The Elders to focus on easing inter-Korean tensions

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Sunday, 24 April, 2011
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Jimmy Carter, Martti Ahtisaari, Gro Brundtland and Mary Robinson visit Beijing, Pyongyang and Seoul 24-29 AprilThe Elders announce that Jimmy Carter will lead an Elders delegation to China and Korean Peninsula, with the aim of contributing to an easing of tensions between North and South Korea and discussing long-term food security and health issues in North Korea.

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Members of The Elders currently in Beijing at the start of a six-day visit to China and the Korean Peninsula, hope that their efforts will contribute to an easing of the current tensions between North and South Korea. The Elders will also discuss how to ameliorate reported food shortages in the DPRK that may affect millions of people.

Led by former US President Jimmy Carter who has had a long association with Korean affairs, the delegation includes three fellow Elders: former President of Finland, Martti Ahtisaari, former Prime Minister of Norway, Dr Gro Brundtland, and former President of Ireland, Mrs Mary Robinson.

The delegation will begin their regional visit in Beijing on 24 April and travel to Pyongyang (26-28 April) and Seoul (28-29 April). In all three locations they will meet senior officials, members of civil society, academic experts and foreign diplomats.

Jimmy Carter 

President Jimmy Carter said:

“I am delighted to be making this visit to the region as a member of The Elders. This is an important new initiative for us as a group.

“At a time when official dialogue with the Democratic People's Republic of Korea appears to be at a standstill, we aim to see how we may be of assistance in reducing tensions and help the parties address key issues including denuclearisation.”

Martti Ahtisaari 

President Martti Ahtisaari, also an experienced conflict mediator, said:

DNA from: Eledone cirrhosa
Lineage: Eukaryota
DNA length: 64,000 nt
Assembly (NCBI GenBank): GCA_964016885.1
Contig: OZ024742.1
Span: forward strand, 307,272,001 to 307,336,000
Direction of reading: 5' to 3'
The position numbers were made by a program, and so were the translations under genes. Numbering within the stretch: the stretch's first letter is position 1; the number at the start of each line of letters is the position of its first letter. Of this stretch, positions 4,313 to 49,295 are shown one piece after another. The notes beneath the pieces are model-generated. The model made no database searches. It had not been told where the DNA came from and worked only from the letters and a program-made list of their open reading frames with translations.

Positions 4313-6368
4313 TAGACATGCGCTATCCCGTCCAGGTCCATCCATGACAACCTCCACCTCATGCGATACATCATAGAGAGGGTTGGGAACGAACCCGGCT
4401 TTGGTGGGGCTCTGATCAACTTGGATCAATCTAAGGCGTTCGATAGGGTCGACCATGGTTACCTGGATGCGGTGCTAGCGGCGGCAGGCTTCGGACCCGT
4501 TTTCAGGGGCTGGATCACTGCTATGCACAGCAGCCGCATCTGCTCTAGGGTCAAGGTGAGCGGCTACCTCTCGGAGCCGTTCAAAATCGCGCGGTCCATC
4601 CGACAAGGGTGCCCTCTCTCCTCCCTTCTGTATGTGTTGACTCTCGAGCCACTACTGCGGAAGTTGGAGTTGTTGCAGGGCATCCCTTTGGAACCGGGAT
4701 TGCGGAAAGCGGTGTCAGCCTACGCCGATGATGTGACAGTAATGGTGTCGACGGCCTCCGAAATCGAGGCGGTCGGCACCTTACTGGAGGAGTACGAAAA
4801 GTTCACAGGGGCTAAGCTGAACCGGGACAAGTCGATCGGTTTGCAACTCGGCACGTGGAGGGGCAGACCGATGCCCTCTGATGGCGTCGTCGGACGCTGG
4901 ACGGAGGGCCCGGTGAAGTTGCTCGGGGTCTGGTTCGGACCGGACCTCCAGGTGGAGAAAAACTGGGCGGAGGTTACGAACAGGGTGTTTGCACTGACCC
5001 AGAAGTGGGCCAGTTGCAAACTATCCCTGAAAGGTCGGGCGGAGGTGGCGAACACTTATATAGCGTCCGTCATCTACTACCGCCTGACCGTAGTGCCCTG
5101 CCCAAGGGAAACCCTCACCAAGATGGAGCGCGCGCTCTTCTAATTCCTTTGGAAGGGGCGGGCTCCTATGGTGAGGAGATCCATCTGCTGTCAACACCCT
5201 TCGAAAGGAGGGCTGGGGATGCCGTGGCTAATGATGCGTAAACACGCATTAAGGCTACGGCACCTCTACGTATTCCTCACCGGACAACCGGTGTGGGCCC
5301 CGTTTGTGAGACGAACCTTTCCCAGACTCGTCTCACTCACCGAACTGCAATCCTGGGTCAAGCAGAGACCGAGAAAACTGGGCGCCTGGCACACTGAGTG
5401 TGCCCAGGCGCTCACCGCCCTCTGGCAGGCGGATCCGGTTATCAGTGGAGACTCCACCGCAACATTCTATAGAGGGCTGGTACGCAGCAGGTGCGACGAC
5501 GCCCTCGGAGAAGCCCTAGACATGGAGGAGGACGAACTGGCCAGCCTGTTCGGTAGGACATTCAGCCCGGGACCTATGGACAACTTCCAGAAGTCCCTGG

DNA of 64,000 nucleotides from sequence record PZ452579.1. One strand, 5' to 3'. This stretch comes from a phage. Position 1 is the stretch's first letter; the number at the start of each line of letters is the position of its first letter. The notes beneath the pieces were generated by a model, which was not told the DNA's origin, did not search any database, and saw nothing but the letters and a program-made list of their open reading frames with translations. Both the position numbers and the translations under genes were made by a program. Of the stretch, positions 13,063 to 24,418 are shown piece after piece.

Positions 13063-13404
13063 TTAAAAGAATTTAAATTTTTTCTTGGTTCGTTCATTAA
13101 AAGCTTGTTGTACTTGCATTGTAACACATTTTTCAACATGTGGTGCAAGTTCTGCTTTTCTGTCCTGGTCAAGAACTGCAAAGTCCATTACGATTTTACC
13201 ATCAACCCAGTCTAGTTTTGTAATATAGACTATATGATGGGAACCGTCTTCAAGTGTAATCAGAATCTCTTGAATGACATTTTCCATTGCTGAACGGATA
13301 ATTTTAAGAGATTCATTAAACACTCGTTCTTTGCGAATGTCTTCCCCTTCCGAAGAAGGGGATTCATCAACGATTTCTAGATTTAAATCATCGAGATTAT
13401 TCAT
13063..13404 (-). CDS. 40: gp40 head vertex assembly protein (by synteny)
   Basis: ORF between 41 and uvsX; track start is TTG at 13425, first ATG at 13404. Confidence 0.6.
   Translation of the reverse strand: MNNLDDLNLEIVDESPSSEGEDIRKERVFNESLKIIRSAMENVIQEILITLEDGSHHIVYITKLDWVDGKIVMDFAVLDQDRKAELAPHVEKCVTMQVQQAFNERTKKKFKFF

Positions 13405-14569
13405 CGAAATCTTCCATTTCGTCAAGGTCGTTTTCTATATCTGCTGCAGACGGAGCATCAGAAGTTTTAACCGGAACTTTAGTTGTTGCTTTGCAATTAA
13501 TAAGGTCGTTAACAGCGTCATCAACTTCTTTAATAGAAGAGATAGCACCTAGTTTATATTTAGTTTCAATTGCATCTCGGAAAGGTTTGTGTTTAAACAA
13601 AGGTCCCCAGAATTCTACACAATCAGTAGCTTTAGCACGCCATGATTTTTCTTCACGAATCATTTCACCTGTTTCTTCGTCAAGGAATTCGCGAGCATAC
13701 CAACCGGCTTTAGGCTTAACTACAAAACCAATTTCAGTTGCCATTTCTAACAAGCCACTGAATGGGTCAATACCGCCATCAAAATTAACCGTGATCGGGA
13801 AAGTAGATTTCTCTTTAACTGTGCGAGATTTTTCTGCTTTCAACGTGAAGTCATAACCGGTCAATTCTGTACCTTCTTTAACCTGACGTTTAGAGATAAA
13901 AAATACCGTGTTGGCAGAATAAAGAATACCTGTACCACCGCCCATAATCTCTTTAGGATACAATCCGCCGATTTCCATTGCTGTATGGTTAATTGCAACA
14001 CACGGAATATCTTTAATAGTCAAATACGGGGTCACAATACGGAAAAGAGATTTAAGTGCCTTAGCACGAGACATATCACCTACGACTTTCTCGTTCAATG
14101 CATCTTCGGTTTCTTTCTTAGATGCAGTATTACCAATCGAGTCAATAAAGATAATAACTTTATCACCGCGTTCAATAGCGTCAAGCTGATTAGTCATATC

“In my experience, there is a solution to every problem, but achieving agreement requires meaningful dialogue between the relevant parties. Getting talks started is a matter of political will and trust.

“Clearly there is a great level of mistrust and suspicion between North and South Korea. But the stakes are too high to allow this stand-off to continue.”

Gro Brundtland 

Dr Gro Brundtland, a physician by training and former Director-General of the UN's World Health Organisation, added:

“We are very concerned about the acute shortage of food reported by the government of North Korea and humanitarian agencies.

“Any immediate humanitarian needs must be met – but we also want to discuss longer-term food security and health issues that are so important to economic development.”

Mary Robinson 

Mary Robinson, former President of Ireland and former UN High Commissioner for Human Rights said:

“All governments have an obligation to prioritise the wellbeing of their own people, especially when resources are scarce. Ensuring there is 'human security,' including access to adequate food, is a basic right of all peoples and a requirement on the part of their governments.

“This is not a matter of ideology. It is about the shared humanity of us all.”

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